Source: Council of Canadians
Today, I will be in Victoria to join the many others who, like me, envision a different future than that which the Harper government has set out. We see a world with clean rivers and streams for fishing and drinking, clean air we can breathe, and land protected from industrial clearcuts in the name of pipelines and fossil fuels. We envision a world with lively, sustainable, and healthy communities that we can protect, free from corporate influence.
First Nations communities along the pipeline routes, along BC’s coast, and in the tar sands have been taking action and showing leadership to protect their communities and coastlines. But no matter how loudly they say “no” their message is falling on deaf ears. That’s how we know it’s time to act.
Last year in Ottawa, I was arrested on Parliament Hill along with hundreds of others speaking out against tar sands and pipeline projects that would threaten both people and the planet. The energy was inspiring and phenomenal. No matter how afraid or nervous we all may have been, we were supportive of each other and we took action together. This year, we are showing that we are not going away. We are showing that there is a critical mass willing to do what it takes to stop these pipelines.
And we know we may be in it for a while. The fight against the Keystone XL has been a long one—from petitions and phone-in actions to getting arrested at the White House, the world has watched as public opposition gains force. Now we are watching the brave activists in Texas who have been locking themselves to machinery and climbing trees to halt construction of the Keystone XL pipeline. They are stopping this pipeline at the point of destruction. Here in BC, members of the Wet’suwet’en First Nation have already built a cabin in the direct route of two pipeline proposals, the Enbridge Northern Gateway Pipeline and the Pacific Trails Pipeline.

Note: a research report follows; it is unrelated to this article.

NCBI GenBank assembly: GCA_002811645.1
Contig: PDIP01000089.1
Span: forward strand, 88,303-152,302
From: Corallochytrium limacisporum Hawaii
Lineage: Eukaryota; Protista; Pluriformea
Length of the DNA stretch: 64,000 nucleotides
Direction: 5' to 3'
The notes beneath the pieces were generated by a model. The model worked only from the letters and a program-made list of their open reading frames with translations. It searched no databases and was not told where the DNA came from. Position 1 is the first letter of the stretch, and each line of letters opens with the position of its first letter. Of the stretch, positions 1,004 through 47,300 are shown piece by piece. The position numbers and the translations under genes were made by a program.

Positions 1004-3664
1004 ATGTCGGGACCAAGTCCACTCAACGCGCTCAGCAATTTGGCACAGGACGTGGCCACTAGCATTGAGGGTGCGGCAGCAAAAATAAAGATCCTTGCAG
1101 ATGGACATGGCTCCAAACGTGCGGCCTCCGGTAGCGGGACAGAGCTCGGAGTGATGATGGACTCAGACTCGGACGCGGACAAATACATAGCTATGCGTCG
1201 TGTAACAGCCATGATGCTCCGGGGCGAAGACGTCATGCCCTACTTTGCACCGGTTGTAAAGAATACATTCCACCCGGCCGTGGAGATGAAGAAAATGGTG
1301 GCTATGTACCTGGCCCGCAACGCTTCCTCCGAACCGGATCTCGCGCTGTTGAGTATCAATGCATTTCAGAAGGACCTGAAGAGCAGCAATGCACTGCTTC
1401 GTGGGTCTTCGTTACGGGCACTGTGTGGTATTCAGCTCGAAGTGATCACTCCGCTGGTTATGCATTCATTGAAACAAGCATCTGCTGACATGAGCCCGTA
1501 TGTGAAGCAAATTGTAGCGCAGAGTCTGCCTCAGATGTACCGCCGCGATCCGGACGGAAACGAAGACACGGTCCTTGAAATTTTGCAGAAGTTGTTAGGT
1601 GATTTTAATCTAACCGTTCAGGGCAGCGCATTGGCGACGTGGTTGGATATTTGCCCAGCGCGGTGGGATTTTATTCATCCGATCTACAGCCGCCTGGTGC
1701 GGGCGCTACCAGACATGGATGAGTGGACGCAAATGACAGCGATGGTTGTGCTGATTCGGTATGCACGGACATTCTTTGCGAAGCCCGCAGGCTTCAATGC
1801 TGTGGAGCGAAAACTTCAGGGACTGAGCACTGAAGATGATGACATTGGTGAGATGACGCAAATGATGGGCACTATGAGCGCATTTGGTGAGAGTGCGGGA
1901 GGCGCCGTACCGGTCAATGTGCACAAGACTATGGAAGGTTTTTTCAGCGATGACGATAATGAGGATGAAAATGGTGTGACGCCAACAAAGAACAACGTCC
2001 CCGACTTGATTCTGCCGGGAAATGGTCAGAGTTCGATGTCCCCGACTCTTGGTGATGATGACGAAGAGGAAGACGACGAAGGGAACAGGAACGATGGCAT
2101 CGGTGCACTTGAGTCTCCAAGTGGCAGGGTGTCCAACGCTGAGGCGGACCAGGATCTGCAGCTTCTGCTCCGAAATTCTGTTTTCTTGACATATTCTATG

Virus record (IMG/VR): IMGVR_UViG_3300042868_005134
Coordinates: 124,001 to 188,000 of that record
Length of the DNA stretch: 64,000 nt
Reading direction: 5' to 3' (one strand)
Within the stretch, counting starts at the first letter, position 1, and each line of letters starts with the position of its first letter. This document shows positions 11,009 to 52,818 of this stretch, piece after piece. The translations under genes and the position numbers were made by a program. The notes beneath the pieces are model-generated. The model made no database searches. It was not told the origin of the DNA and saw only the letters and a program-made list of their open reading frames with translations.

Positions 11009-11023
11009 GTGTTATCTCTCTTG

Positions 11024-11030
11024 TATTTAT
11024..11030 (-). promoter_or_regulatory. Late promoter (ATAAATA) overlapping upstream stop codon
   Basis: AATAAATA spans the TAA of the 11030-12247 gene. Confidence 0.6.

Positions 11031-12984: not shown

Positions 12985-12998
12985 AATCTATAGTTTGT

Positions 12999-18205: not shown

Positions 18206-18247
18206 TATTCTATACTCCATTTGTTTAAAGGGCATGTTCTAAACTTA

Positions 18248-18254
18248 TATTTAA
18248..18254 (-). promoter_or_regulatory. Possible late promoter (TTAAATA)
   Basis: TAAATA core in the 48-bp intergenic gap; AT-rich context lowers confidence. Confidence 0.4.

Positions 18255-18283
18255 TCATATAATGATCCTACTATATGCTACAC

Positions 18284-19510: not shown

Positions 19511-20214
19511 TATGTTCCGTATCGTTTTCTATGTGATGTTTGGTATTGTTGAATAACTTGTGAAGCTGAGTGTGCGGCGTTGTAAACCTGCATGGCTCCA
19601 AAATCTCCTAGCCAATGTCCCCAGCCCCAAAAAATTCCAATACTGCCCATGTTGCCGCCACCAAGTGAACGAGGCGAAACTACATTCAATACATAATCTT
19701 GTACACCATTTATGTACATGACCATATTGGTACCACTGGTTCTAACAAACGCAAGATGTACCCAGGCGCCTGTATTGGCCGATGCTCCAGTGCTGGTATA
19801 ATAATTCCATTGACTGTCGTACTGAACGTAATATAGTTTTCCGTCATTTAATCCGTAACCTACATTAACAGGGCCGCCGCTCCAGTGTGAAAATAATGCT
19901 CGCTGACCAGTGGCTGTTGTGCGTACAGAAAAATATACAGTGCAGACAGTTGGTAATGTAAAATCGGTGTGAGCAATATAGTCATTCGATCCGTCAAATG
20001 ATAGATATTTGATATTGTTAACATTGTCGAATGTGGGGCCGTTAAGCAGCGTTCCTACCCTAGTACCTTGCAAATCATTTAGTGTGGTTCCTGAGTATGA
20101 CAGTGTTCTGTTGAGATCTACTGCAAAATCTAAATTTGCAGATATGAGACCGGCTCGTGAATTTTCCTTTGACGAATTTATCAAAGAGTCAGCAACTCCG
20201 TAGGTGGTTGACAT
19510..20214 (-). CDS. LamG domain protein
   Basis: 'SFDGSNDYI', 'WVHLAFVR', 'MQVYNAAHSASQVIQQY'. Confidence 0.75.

I am truly inspired by these acts, and they make me hopeful for a better future. I have four grandchildren whom I love more than life itself and want to grow up in a safe and healthy world. I am doing this for them and for the next generations. I want a future where they can drink the water and they can breathe the air. I want a future without subsidies and tax breaks for oil and gas companies and polluters. I want a future in which public funds are going into education and health care. But creating this future can’t start tomorrow. Creating this future has already begun, and we need to keep going.
The Kinder Morgan Trans Mountain expansion and Enbridge Northern Gateway Pipeline would transport over one million barrels per day through BC. This would have devastating effects if either of them goes through—which of course they won’t. Additionally, the day after we take action on October 22nd, the Athabasca Chipewyan First Nation will be attending a constitutional hearing about a Shell Tar Sands Mining expansion proposal that would severely impact their community. The ACFN says that neither the company nor the government has respected their treaty rights. We cannot accept that theses powers consider themselves above the law when their actions undermine communities’ sovereignty and well-being.
I am grateful to be joining all the brave people taking collective action today against the tar sands and pipelines and to stand up for environmental justice. I will not be risking arrest this time, but the experience of being arrested last year still resonates with me. As some are prepared to risk arrest, we will be there to support them. Demonstrating that we can take care of each other, cultivate community, and stand in solidarity for environmental justice is merely one more way for us to counter the negligent behaviours of corporations and governments and show that there is a better way forward. Not only are we showing our people power to say what we do not want, we are coming together to show what we do want. We want people from all ages and all walks of life to come together and recognize that we will not back down.
And we will win.